About the Project
The Department of Politics, International Relations, and Philosophy and Department of Law and Criminology invite students to apply for a full-time scholarship for doctoral research.
Euro-British External Security Cooperation against Non-State Actors
Brexit has thrown in flux EU-UK security cooperation against the threats posed by non-state actors. The EU-UK Trade and Cooperation Agreement does not cover external security cooperation against such actors. Furthermore, the majority of scholarship has focused on policy solutions to the Brexit negotiations. Research which examines the scope and nature of the parties’ agreements, and the development of new formal and informal mechanisms for cooperation in key areas such as intelligence, sanctions regimes and cybersecurity is, therefore, essential.
Hence this project invites candidates to examine the following research questions:
1) What formal and informal processes and mechanisms of security cooperation are emerging in the fields of intelligence, sanctions regimes and cybersecurity?
2) How effective are these processes and mechanisms in permitting useful cooperation and how might they be improved?
3) What are the implications of these changes for the fundamental rights protection offered by the UK to those targeted by national security measures? How does this new system measure against the standards for fundamental rights protection set by EU law and case law?
4) What do the emerging forms of security cooperation tell us about the explanatory power of the key theoretical approaches to inter-state cooperation in security?
If it transpires that the project is overly ambitious in aiming to examine these research questions across the areas of intelligence, sanctions regimes and cybersecurity, the focus could be narrowed to one or two of these fields. Candidates are also invited to propose alternative case studies.
Successful candidates should start in September 2021 or January 2022.
The successful candidate will be based at the Department of Politics, International Relations and Philosophy (PIRP). But as the project sits at the nexus of international relations and law, it will be co-supervised by Dr Tom Dyson (PIRP) and Dr Foivi Mouzakiti (Law and Criminology). The supervisors are well-placed to supervise the project. Dr Dyson’s expertise lies in European defence and security cooperation and military innovation studies. He is therefore well-suited to advise on the case studies and theory. Having undertaken hundreds of semi-structured elite interviews with defence and security practitioners in the UK and overseas he will also be able to provide helpful guidance on methods and field research. In addition Dr Dyson has substantial experience of undertaking cross-disciplinary research projects. Dr Mouzakiti’s expertise lies in the field of EU and UK human rights law, especially cross-border security cooperation and its impact on fundamental rights. She is well placed to advise on the legal and constitutional aspects of the project.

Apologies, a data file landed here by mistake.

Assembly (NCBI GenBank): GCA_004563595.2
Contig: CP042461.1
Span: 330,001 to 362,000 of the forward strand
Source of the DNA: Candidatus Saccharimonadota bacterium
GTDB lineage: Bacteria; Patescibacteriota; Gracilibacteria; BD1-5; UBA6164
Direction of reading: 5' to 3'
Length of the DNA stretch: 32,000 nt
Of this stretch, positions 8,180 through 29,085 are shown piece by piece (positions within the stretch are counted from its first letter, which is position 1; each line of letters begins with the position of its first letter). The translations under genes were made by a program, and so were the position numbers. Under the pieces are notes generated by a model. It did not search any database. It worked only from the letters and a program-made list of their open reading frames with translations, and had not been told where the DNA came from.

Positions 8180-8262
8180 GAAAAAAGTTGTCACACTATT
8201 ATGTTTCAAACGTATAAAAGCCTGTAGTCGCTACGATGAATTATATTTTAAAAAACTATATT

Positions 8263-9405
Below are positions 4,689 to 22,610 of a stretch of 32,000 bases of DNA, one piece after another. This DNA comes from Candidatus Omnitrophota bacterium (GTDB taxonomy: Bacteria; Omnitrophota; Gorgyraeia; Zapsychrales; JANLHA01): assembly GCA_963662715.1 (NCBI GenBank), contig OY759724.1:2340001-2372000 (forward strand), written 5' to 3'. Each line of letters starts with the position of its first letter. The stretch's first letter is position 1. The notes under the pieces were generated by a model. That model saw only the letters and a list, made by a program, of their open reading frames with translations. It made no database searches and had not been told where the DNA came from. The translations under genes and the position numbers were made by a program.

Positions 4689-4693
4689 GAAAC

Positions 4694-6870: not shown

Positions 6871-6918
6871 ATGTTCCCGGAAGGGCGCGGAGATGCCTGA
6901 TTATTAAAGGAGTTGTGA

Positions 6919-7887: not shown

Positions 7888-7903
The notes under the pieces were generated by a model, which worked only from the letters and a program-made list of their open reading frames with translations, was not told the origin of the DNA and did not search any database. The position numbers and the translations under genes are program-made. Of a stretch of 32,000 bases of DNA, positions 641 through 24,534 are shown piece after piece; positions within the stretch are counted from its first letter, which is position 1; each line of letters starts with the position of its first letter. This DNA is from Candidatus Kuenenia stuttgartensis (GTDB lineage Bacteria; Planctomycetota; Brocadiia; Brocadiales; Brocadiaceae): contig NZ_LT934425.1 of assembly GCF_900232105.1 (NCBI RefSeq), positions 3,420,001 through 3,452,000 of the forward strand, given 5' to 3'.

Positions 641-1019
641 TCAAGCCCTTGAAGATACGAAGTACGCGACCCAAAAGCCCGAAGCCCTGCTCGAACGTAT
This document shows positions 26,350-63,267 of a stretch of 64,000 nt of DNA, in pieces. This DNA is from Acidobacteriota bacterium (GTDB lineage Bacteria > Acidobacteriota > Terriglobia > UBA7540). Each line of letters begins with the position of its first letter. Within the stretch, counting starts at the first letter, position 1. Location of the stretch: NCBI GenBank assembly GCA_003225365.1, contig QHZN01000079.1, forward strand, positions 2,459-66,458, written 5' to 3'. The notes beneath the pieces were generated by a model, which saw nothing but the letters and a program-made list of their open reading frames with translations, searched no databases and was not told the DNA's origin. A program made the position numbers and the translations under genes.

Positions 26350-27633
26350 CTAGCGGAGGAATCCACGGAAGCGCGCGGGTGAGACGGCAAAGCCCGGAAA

The Department of Politics and International Relations is an established centre of teaching and research excellence. Rankings of research intensity put us in the top ten of politics departments in the UK. It has more than 40 PhD students pursuing cutting-edge research and undertaking advanced training in the areas of new political communication; elections, public opinion and parties; comparative politics; politics of Africa, Asia and the Middle East; international relations; and political theory. The department has several research centres, including the Centre for International Security, bringing together internationally regarded researchers and our community of PhDs.
The Department of Law and Criminology has a strong reputation for excellence in research, with national and international recognition of our expertise in law, human rights, criminal justice, health, counter-terrorism, families and children. It has a strong interdisciplinary research culture, which is reflected in the department’s research clusters, including the Rights and Freedoms Cluster. The department of law is home to a vibrant community of doctoral researchers, whose projects cover a wide range of topics, including human rights, healthcare, legal history and state crime. As a doctoral student, you will be a vital part of the department’s research culture and you will be provided with a supportive research environment.
In addition to the PhD courses offered by the departments, generic research skills training is provided at College level. Royal Holloway is also part of the South East Network for Social Sciences (SeNSS) in partnership with 10 other leading UK universities.
Qualifications and Eligibility
The successful applicant must hold a relevant Masters-level qualification, or expect to have completed their studies by 30 September 2021.
In order to be considered for this scholarship, please submit a letter of interest, a CV, transcripts of your Undergraduate and Masters degrees and a proposal (up to 2,000 words) setting out how you would develop the envisaged research project.
The closing date for applications is Monday 7th June 2021. Interviews are expected to take place later that month.
Informal enquiries about the scholarship should be made to Dr Tom Dyson or Dr Foivi Mouzakiti. General guidance on what needs to go into the proposal can be found at the following link.
Based on your current searches we recommend the following search filters.
Based on your current search criteria we thought you might be interested in these.